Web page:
“It made me into activist,” Gaffney said of Irene. “You know what, I always wanted to be an activist, always, and never knew how to go about doing that.”
Don’t use the ‘B’ word  (pub 8/10/12)
   Just the other day I mentioned to my wife I’m “credit unioning” that my check will arrive today, and my wife agreed. She said, “You can credit union on it.”
   I was watching a cloud credit union move in over Barre, wondering if it would rain a few days ago.
   It has been a year now, more or less, and the credit unions along the rivers still seem to have a lot of refuse from Tropical Storm Irene’s passing.
   Passed some time at the bowling alley’s pool table a few days ago and watched intently as a guy made a three-rail credit union shot on the eight ball.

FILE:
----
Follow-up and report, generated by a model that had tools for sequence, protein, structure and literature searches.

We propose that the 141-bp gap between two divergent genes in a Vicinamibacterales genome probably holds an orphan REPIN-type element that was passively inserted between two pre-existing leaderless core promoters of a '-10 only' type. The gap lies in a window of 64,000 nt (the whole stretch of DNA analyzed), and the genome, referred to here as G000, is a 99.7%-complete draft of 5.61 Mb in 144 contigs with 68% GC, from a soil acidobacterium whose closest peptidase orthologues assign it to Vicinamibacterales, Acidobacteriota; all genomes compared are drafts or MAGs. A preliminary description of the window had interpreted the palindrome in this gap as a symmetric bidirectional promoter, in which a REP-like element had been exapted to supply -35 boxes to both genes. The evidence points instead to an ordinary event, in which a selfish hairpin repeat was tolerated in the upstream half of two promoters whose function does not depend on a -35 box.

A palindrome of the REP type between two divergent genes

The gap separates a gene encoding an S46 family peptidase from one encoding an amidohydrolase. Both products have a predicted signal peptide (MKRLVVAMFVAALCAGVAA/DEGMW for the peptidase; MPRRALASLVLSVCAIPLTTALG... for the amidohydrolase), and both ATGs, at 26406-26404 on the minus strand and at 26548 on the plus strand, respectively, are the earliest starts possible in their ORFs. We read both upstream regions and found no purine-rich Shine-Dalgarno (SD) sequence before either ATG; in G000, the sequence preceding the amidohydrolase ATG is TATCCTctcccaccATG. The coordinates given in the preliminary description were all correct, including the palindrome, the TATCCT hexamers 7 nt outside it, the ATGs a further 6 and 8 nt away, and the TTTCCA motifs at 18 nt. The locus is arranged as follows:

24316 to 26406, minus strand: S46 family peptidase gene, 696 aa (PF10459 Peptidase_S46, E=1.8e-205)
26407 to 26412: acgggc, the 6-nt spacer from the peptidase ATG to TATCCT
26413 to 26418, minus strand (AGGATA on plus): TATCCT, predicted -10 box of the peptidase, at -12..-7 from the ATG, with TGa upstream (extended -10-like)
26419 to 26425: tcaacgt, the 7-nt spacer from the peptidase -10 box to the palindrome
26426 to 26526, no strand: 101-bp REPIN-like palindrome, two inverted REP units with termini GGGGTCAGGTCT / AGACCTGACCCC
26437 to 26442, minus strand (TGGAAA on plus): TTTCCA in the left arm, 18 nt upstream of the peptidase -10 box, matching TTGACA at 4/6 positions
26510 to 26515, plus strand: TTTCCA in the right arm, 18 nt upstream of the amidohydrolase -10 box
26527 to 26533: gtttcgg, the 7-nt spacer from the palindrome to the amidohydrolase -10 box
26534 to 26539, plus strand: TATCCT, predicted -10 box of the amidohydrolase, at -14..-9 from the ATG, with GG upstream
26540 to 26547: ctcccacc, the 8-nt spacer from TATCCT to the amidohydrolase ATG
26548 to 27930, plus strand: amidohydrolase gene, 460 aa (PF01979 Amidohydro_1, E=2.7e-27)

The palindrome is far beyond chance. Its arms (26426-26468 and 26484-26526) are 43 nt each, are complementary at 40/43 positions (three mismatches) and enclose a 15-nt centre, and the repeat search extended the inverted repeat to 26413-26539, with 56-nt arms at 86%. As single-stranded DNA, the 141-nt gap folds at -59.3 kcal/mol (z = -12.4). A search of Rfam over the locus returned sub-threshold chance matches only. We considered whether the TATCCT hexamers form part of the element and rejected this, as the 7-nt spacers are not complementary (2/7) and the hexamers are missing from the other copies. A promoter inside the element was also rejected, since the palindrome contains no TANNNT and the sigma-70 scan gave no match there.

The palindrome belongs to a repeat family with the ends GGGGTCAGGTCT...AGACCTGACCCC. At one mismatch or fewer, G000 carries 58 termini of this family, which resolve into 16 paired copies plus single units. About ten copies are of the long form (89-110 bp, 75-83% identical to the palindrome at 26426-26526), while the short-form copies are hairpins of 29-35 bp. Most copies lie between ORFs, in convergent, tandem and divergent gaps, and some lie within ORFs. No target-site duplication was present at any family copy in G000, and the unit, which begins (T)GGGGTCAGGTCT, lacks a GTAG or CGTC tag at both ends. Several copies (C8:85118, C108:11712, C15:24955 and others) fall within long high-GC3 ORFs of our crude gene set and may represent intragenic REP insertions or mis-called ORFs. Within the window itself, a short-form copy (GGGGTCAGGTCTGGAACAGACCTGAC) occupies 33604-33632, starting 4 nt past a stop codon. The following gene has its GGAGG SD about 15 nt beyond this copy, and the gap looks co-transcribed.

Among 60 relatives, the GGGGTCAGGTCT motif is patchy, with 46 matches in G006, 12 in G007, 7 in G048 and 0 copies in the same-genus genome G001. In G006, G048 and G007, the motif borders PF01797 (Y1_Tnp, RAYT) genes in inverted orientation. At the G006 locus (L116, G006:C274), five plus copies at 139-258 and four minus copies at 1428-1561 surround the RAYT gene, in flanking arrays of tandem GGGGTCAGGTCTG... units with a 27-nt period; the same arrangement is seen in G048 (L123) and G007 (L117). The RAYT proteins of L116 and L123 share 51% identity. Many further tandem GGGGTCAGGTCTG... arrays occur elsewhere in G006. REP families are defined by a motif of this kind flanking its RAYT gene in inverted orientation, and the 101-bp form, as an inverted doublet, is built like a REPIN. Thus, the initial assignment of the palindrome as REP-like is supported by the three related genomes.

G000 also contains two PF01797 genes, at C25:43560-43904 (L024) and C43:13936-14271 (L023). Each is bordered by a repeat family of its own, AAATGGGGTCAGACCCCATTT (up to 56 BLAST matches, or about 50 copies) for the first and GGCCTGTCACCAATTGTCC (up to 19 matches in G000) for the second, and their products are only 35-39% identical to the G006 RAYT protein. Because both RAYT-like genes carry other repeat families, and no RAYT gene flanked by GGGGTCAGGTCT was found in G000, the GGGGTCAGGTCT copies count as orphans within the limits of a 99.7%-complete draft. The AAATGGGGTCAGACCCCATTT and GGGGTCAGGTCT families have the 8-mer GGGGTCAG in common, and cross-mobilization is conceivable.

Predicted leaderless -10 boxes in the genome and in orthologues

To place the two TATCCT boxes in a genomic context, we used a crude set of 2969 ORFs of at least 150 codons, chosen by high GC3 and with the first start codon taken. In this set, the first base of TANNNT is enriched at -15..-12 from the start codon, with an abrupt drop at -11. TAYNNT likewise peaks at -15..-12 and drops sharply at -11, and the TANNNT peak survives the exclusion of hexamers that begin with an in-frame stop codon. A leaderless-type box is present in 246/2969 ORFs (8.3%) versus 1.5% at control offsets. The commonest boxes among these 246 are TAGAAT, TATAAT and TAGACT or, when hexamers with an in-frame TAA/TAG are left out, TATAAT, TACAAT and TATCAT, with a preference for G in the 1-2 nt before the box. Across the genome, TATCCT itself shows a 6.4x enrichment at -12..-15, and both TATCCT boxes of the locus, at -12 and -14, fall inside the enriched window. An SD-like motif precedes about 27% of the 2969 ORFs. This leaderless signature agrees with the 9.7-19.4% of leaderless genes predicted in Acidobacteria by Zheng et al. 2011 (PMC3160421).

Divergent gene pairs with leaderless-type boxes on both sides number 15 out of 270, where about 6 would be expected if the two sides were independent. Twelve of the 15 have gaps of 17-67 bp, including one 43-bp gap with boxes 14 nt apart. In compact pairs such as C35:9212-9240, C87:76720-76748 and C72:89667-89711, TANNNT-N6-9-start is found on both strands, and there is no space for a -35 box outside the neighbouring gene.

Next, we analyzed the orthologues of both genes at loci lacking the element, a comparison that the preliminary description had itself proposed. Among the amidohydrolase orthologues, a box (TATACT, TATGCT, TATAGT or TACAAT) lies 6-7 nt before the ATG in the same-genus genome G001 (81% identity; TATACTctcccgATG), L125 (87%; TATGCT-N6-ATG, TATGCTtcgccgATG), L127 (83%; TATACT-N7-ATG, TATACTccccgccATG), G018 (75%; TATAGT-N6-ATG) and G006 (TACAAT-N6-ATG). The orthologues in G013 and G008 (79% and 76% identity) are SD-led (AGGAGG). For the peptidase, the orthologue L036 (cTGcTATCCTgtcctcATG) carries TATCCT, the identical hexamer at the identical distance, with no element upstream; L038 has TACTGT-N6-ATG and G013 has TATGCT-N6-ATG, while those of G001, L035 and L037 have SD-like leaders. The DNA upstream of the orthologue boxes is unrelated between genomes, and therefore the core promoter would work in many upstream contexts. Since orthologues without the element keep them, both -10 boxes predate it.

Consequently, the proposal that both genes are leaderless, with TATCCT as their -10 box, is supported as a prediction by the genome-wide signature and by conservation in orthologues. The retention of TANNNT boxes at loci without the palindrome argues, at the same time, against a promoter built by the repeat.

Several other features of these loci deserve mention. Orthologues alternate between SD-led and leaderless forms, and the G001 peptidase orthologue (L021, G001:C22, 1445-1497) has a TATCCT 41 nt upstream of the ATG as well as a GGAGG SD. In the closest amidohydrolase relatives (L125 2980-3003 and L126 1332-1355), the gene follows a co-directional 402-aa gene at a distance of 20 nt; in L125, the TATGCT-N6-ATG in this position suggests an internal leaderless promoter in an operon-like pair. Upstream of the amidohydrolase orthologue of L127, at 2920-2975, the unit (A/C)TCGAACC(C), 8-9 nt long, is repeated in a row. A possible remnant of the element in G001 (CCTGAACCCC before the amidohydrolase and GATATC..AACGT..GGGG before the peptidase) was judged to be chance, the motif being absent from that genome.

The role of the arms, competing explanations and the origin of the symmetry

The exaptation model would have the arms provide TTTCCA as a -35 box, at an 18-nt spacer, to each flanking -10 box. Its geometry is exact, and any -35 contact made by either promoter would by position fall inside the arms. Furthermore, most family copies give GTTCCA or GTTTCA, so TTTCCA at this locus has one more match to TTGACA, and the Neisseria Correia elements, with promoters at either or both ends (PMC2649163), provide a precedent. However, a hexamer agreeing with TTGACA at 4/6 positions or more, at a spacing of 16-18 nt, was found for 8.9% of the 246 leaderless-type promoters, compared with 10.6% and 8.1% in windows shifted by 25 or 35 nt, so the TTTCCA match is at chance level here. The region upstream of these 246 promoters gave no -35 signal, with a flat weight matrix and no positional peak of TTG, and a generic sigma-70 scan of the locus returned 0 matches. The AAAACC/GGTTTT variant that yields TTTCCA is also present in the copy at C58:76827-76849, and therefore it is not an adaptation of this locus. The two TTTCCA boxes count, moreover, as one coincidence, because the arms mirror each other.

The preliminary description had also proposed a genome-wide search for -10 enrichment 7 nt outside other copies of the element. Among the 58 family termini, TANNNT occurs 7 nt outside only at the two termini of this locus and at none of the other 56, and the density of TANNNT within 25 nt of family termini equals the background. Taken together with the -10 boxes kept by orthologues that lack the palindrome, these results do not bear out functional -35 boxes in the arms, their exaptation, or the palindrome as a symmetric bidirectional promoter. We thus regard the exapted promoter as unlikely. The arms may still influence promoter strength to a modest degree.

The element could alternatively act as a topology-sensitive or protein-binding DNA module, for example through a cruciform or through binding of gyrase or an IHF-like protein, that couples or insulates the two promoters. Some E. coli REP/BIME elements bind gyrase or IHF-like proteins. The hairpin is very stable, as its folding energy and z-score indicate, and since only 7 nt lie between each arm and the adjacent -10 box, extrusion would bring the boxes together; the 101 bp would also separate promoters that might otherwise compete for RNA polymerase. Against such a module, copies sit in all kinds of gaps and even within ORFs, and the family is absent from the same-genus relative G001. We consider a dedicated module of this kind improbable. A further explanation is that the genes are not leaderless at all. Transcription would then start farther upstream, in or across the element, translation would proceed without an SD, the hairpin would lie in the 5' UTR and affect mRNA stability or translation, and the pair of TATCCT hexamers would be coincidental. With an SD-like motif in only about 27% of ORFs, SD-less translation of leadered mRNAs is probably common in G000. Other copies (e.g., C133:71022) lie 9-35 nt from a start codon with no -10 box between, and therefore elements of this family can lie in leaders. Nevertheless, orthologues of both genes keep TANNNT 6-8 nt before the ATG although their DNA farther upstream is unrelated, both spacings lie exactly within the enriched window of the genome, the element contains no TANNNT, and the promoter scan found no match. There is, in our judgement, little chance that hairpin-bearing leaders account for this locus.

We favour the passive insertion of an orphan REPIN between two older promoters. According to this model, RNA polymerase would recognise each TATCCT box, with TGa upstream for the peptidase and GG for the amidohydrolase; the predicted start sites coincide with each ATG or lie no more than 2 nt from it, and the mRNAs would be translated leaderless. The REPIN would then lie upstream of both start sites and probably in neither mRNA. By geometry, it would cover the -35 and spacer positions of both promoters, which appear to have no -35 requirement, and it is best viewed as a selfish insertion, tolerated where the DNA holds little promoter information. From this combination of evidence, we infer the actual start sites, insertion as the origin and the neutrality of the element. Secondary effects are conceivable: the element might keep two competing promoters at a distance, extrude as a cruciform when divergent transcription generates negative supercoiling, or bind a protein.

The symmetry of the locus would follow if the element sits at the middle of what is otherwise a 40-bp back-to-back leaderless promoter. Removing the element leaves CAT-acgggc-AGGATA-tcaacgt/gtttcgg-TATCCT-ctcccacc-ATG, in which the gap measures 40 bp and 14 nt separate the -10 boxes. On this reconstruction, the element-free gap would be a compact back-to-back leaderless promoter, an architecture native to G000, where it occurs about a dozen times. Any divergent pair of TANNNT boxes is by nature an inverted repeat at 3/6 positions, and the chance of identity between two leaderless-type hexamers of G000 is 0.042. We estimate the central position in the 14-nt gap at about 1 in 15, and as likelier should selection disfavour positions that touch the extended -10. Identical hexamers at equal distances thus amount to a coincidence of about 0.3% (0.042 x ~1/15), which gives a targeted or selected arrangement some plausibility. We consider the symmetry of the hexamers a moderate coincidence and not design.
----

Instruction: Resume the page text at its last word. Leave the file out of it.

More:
Spent some time on the Internet checking to see what effect the weather has had on fishing in and around the Newfoundland Credit Unions.
   The new jets for the Guard will have quite a time making quiet credit union turns when landing, as I understand it.
   With the change of seasons I’ll be looking into credit unioning my home against the cold again this year.
   I probably will credit union the fire in the stove overnight to help with keeping it warm this winter too.
   The four credit union turns at Thunder Road really provide for a good time on Thursdays.
   I have been wondering how the Red Cross was doing with its latest blood credit union drive.
   Then, of course, we have the bank, an institution for lending, borrowing, exchanging, issuing or safeguarding money. That couldn’t possibly be a credit union also. Could it?
   Then of course, there are the funds of a gambling house held by the dealer, that only the dealer controls. And you can bank on that.
    Alfred Blakey, Barre